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Absence of confidence kills cat: Jagwar Ma at Sinclair

When Jagwar Ma performed at The Sinclair in Cambridge on Tuesday evening , it should have been a party.

Their debut Howlin’ , one the most well-rounded releases of 2013, radiated every good thing about indie dance-pop. For such beautiful song-makers, especially ones who create such upbeat electropop, you would expect Jagwar Ma to put on a vibrant show that would have the entire audience dancing.

Unfortunately, this was not the case.

When lead vocalist Gabriel Winterfield emerged in a sweatshirt and sweatpants, it was one of the earliest signals of how relaxed the show was going to be. As the set began, the three band members started lightly bobbing back and forth to an intro that sounded more like the beginning of a Disneyland ride than anything else, before transitioning into the quirky “What Love.”

Experimenting with different vocal loops and layers, “What Love” proved right away that the members of Jagwar Ma know how to piece together a song. The band followed that song with the equally intriguing “Uncertainty,” complete with echoes and passionate vocals.

But it was just too difficult to get into it. It felt more like you were standing there as the trio jammed out and experimented with various samples, loops and vocal-distortion techniques. And don’t get me wrong: It was high-quality, interesting music — Think of it as maybe a War-era U2 blended with 21st-century electronica elements — but any sort of connection with the audience was completely missing.

On “Man I Need,” Winterfield’s guitar — covered in various stickers, including stars, flowers, moons and Adventure Time characters — bloomed with distorted and feedback-ridden riffs. It wasn’t even remotely perfect, but it didn’t need to be.

“Exercise” featured an even more intense jumble of samples and riffs, including some tribal-inspired beats. Winterfield got somewhat more into this song, engaging in some funky dance moves with his bandmates. It was endearing to watch them have so much fun together and it almost compensated for the lack of audience engagement.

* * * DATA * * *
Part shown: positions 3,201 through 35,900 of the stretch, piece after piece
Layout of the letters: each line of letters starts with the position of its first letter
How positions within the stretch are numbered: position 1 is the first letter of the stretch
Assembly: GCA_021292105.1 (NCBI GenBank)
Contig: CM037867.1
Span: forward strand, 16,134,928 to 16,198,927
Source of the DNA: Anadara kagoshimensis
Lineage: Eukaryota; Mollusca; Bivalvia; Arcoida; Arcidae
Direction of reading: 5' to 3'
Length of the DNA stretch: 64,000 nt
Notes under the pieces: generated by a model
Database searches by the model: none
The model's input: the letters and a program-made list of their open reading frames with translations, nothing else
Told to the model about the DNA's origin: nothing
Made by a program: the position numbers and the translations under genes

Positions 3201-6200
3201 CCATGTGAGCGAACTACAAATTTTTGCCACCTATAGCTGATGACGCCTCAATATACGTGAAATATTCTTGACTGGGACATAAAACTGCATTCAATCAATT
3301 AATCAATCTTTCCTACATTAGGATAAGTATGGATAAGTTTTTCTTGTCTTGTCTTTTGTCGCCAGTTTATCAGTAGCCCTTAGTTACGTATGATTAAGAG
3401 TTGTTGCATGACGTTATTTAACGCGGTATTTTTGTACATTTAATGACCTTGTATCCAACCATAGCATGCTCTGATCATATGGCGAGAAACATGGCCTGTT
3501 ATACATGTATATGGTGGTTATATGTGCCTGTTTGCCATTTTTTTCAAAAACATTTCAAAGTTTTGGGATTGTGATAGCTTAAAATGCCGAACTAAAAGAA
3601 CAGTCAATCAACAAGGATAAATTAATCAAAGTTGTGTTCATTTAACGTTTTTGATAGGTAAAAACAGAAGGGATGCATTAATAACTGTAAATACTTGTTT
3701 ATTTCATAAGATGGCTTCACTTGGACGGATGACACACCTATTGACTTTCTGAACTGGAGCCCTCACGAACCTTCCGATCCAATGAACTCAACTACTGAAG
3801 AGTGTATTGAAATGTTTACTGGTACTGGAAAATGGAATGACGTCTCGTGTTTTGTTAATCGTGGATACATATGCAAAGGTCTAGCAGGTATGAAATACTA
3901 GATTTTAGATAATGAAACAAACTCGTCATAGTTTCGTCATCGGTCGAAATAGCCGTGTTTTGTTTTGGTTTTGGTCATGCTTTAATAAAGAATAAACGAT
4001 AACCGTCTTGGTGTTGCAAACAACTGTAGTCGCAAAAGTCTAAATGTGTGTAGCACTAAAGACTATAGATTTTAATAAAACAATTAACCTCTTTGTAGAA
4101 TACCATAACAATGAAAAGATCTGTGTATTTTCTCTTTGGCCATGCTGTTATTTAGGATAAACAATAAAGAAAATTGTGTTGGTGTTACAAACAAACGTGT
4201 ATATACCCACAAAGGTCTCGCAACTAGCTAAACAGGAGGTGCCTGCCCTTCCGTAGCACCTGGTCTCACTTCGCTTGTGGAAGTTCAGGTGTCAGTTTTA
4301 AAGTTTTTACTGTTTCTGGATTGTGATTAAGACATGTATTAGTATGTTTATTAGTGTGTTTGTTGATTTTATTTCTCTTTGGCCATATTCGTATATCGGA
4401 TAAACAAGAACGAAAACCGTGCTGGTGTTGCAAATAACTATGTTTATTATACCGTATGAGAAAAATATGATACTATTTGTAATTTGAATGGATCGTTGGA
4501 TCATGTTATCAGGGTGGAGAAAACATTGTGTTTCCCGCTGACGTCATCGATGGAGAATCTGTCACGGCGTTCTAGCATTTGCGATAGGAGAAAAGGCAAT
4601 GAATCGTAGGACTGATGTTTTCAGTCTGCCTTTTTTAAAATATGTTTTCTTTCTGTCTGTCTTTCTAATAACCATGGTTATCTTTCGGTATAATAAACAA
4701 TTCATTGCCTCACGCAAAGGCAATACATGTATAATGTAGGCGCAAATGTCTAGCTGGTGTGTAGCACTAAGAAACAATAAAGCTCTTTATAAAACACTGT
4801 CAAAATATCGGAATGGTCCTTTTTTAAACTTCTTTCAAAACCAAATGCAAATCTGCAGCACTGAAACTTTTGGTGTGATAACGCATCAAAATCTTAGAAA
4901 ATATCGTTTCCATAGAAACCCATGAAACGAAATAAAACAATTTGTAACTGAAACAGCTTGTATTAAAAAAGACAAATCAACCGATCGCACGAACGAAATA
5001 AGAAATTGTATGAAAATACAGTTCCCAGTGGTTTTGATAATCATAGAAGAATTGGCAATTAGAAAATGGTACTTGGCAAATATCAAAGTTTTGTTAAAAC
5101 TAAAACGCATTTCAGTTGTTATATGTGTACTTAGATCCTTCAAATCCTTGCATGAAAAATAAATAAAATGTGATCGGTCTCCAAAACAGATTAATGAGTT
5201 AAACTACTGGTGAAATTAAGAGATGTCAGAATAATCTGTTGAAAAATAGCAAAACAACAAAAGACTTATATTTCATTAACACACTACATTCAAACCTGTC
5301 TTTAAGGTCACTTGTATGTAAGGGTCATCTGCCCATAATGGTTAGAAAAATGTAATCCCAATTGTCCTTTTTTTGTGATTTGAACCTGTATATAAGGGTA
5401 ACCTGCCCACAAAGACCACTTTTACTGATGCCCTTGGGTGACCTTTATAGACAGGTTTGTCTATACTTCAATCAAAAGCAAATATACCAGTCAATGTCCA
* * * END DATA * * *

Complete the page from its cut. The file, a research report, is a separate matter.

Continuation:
The next song, “Let Her Go,” featured more excellent distorted guitar playing. It was maybe the best performance up to that point in the show, yet it also prompted perhaps the most awkward moment in the show when Winterfield attempted to get the audience to sing along with the chorus. Barely anybody participated.

The band then played almost a remix version of “Come Save Me,” with Passion Pit -esque sampled choir vocals and a rather intensified electronica feel. It was an exquisitely crafted version of the song, but it still lacked any sort of connectability.

Transitioning right into “Four,” the most upbeat and dance-worthy song on Howlin’, the three band members showed significantly more energy and passion. Winterfield ran around the stage, dancing and jumping along to the heavy beats. Despite the increased fun, however, the audience was still not engaged. At the conclusion of the song, Winterfield collapsed into a fetal position, perhaps as a stage antic, but more likely as a raw display of exhaustion and disappointment.

As an encore, “That Loneliness” dazzled in an unexpected manner. It was a bright ending to an otherwise lackluster show. Before leaving the stage, the three band members stopped timidly to photograph the audience and blow kisses.

Plenty of factors could have gone into the lack of sparkle on this evening. It could have been jetlag: The trio was playing its first show of the tour in the United States after being in Brazil just a few days prior. It could have been simply that the stage was much too big for only three guys.

Regardless, the lack of connection isn’t something that should deter anyone from seeing these guys. Jagwar Ma is a group of three dudes who just like to make music. They have crafted music absolutely beautifully, in fact. But on this night, they just didn’t have the full package. With a bit more refining, Jagwar Ma could become indie pop royalty. They already have the music to do so. They just need the stage presence.

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